Following a Halloween weekend of celebration and bliss, University students awoke on Monday morning to the grim reality that this week, for better or worse, might ultimately serve as the climax for an already remarkably turbulent year. By Sunday night, footage taken on the streets of Washington D.C. and New York City went viral on TikTok, showing storefronts being boarded up and armed vehicles patrolling the streets.
Although the results of the election may take days, or even weeks, to be finalized, many University students are preparing for the possibility of widespread unrest. For the first time in recent memory, Tuesday may not be Election Day, but the start of an ‘Election Week’. As campus is beset by a cloud of uncertainty, students have had varying reactions to the nationwide tension.
“Today (Tuesday) is the calm before the storm,” senior Kiel Kittleson said. “I anticipate a lot of backlash on campus if Trump wins, but maybe not as much if Biden wins. It actually seems slightly oxymoronic because I feel like Villanova students might favor Trump slightly. You only see pro-Biden, but there is always a silent majority.”
Without any definitive way to measure the political leanings of University students, it seems that social media and general dialogue remain the most significant means of political dialogue on-campus. Despite loyalties that may exist, one thing is certain: Students have been remarkably involved in encouraging voter participation this election cycle, perhaps on a level never seen before.
“I am seeing a lot of positivity about getting people to vote, which is really exciting to witness from the perspective of a college student,” freshman Risa Fitter said. “I am just happy to see that people are doing civic duty by voting.”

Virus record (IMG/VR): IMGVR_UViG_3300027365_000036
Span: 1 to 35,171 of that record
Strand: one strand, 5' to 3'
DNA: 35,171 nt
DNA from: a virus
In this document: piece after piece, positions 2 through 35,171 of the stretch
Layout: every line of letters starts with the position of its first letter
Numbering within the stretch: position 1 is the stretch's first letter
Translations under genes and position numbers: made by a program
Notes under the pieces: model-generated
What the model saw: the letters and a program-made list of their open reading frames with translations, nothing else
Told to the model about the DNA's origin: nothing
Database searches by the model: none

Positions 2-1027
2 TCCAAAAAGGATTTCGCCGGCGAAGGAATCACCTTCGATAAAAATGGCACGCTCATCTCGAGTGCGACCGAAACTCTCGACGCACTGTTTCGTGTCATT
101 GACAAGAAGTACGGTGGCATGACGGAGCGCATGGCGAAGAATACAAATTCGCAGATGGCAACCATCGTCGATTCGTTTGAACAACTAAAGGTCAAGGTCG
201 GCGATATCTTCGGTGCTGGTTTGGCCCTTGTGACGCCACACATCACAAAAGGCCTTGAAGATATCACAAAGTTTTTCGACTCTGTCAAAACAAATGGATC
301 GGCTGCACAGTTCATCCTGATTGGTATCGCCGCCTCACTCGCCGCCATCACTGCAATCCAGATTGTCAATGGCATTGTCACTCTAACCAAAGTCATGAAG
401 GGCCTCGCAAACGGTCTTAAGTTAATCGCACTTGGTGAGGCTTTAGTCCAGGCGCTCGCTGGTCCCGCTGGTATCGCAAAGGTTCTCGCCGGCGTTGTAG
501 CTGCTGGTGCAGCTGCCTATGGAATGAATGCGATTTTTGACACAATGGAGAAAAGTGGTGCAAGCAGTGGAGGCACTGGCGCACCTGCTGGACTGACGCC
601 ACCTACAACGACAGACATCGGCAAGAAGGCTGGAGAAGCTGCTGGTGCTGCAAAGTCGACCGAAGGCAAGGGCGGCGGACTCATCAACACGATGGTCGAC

For many undergraduate students at the University, this presidential election cycle has been their first in which they have been eligible vote. In response, organizations such as Students Demand Action and Let’s Vote Nova, an initiative sponsored by the Student Government Association, have remained proactive since last summer, encouraging students to make voting plans and specifically ensure their registration in Pennsylvania, an important swing state in the Electoral College system.
Their efforts apparently worked, as students left campus in droves on Tuesday to their respective polling locations or posted proof of mail-in ballots to social media. Some students, however, had grievances about undergoing the process as a student.
“All classes today should have been cancelled,” senior Liam Hudson remarked. “Tuesday is such a busy class day for me, and I know it has been difficult for a lot of students to fit time for voting into their schedule.”
Regardless of the results from this election, or when anyone can expect to know them, it will certainly live in history as a remarkable time to be a first-time voter for many University students, and yet another chapter in the unpredictable odyssey of 2020.